• Normalization in one setting can lead to disruption in other settings.
  • Families often try to balance inclusive and specialized
  • experiences; the way this is accomplished varies considerably
  • across families.
  • Inclusion of children does not necessarily lead to inclusion of
  • parents.
slide14

Goal

Inclusion of children with disabilities in normalized settings that are of high quality, consistent with family preferences & capable of supporting each child’s unique learning needs

  • We must
  • Improve quality of community child care
  • revise regulations & funding options
  • build individual, program & community support for inclusion
  • create structures to support inclusion efforts
  • consider inclusion in the broader context of normalization
slide15

Proposed

Normalization Goal

  • To teach skills and provide supports that
  • Enable persons with disabilities and their families to live lives that are as normal as possible; and
  • Promote self-determination
slide16

What would it take to achieve this goal?

  • Improve the quality of community child care
  • Revise regulations and funding options
  • Build individual program and community support for inclusion
  • Create structures to support inclusive efforts
  • Consider inclusion in the broader context of normalization
slide17

What do we know about Quality?

  • Long history of effects of parenting style, poverty, home environments
  • 20 yrs of research showing quality matters
  • Higher quality = better outcomes
  • Quality affects cognitive, language, social
  • Effects of quality persist
  • Quality matters for all children, but is especially important for poor children and children of mothers with low education
slide18

Characteristics of High-Quality Programs

  • High staff-child ratio
  • Small group size
  • Adequate staff education and training
  • Low staff turnover
  • Curriculum emphasizing active learning
  • Emotionally warm and caring relationships among teachers and children
  • Parent support and involvement
slide19

How Might Early Intervention Be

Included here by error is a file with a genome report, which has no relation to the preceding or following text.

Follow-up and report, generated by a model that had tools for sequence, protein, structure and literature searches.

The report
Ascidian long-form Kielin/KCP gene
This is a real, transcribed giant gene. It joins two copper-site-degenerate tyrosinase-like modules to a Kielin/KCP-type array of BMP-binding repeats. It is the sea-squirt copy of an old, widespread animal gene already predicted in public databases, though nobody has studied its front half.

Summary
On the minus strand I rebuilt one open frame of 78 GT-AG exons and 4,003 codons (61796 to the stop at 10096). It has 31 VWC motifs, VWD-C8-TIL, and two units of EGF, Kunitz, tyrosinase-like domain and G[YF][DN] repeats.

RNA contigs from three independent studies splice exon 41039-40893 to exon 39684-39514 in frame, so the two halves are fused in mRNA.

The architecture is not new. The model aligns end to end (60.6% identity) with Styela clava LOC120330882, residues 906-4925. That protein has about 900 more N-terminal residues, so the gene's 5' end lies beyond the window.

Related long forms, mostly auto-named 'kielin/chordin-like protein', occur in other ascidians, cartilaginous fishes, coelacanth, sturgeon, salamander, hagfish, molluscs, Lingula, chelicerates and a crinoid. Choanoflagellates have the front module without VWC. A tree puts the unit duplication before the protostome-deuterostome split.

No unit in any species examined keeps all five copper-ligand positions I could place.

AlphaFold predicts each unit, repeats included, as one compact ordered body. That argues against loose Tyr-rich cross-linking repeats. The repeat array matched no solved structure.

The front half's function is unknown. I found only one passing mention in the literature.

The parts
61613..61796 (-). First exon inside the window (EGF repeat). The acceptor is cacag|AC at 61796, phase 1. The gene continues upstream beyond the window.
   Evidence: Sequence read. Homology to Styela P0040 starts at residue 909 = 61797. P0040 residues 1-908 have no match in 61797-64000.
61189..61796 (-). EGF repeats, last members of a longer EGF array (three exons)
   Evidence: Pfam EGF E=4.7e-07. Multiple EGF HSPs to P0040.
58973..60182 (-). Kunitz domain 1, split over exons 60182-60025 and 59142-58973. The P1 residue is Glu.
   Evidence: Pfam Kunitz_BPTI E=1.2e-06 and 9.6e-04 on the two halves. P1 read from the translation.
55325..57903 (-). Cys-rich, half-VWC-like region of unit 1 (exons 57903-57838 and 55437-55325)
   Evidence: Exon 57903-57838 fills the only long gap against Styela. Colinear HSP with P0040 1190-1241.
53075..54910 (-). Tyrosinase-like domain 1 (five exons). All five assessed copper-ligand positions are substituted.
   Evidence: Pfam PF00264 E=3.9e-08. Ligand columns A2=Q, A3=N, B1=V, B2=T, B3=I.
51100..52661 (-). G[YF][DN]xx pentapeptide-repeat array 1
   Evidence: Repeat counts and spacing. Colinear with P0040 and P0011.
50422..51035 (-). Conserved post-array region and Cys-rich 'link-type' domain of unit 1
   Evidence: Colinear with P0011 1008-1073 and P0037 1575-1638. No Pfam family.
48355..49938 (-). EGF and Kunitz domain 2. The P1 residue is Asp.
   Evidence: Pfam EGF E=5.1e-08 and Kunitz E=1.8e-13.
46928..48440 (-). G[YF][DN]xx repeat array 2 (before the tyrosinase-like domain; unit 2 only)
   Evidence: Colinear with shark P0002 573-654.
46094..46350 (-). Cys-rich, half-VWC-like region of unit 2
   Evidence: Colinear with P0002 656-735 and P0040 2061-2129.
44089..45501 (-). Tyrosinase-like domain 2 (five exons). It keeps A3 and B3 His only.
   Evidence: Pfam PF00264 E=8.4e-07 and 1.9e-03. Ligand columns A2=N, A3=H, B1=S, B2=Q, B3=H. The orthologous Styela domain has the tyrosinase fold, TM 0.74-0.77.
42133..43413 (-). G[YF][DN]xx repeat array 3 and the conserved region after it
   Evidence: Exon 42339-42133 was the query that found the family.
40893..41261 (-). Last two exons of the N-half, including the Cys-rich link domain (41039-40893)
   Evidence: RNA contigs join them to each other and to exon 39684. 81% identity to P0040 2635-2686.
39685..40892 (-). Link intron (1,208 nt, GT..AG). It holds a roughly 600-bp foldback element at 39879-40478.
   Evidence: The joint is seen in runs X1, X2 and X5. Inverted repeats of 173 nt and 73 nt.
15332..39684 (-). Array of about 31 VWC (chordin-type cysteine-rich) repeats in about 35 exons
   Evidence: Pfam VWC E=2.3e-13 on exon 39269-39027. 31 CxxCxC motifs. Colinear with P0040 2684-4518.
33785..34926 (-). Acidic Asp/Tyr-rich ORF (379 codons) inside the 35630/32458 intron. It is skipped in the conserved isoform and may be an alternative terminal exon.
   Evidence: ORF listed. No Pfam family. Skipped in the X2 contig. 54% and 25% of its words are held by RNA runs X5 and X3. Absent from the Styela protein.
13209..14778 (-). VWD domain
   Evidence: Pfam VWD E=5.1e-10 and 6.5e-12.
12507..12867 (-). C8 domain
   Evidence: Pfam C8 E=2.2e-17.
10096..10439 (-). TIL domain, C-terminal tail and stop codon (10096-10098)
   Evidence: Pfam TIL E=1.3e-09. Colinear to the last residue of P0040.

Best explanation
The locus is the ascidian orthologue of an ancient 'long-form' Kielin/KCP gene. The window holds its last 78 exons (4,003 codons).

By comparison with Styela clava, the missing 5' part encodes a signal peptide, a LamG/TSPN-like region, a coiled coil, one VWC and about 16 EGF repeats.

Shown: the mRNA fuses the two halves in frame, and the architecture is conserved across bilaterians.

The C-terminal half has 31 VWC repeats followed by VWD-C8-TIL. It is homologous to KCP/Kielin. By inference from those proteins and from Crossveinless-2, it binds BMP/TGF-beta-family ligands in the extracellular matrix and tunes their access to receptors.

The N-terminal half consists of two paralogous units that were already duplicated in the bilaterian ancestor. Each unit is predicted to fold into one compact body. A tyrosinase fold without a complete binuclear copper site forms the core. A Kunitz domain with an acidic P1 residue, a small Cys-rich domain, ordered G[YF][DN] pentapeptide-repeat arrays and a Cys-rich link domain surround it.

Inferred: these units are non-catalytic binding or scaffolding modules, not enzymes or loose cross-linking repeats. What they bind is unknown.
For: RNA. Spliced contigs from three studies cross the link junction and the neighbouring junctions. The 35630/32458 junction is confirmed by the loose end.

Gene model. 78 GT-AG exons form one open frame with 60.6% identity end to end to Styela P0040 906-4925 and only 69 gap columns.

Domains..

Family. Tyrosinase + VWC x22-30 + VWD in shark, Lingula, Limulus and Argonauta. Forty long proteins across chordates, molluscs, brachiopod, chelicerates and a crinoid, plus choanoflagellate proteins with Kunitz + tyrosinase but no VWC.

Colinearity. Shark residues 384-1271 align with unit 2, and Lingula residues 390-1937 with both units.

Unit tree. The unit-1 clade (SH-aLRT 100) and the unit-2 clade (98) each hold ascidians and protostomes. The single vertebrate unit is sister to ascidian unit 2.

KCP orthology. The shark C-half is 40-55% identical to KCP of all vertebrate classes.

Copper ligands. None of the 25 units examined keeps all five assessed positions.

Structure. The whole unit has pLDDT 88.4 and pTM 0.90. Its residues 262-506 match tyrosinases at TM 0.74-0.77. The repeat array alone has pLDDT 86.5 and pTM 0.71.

Different if Normalization

Became the Primary Theme?

  • Child assessment might focus on skills needed
  • to function or participate in family-identified routines and activities.
  • Assessmentmight include a focus on parental goals in various domains of family life.
  • Children might be taught skills in the context/settings in which parents feel they are most important.
slide20

How Might Early Intervention Be

Different if Normalization

Became the Primary Theme? (cont’d)

  • Inclusion in regular preschool might become part of a larger area of consideration for normalized experiences.
  • Family support might focus on helping families achieve what they feel is a normalized life for them.
  • Quality of life for families might become a critical indicator of the effectiveness of early intervention.
slide21

Some Goals for Early Intervention

  • Promote development in key domains
  • Build and support children’s social competence
  • Promote child engagement, independence & mastery
  • Provide and prepare for normalized life experiences
  • Support families
  • Prevent secondary consequences of disabilities
  • Promote quality of life for children and families
slide22

Typical Inclusion Goal

To ensure that children with disabilities are

fully included in regular classes.

slide23

References

  • Bailey, D. B., McWilliam, R. A., Buysse, V., & Wesley, P. W. (1998). Inclusion in the context of competing values in early childhood education. Early Childhood Research Quarterly, 13, 27-47.
  • Buysse, V., & Bailey, D. B. (1993). Behavioral and developmental outcomes in young children with disabilities in integrated and segregated settings: A review of comparative studies. Journal of Special Education, 26, 434-461.
  • U.S. Department of Education, Office of Special Education, Data Analysis System (DANS). (November 1999) Tables AB3, AB7, AH7. Retrieved September 21, 2000, from Data Tables for OSEP State Reported Data [IDEA Part B Child Count (1998-99)] on the World Wide Web: http://www.ideadata.org/arc_toc.html#partbLRE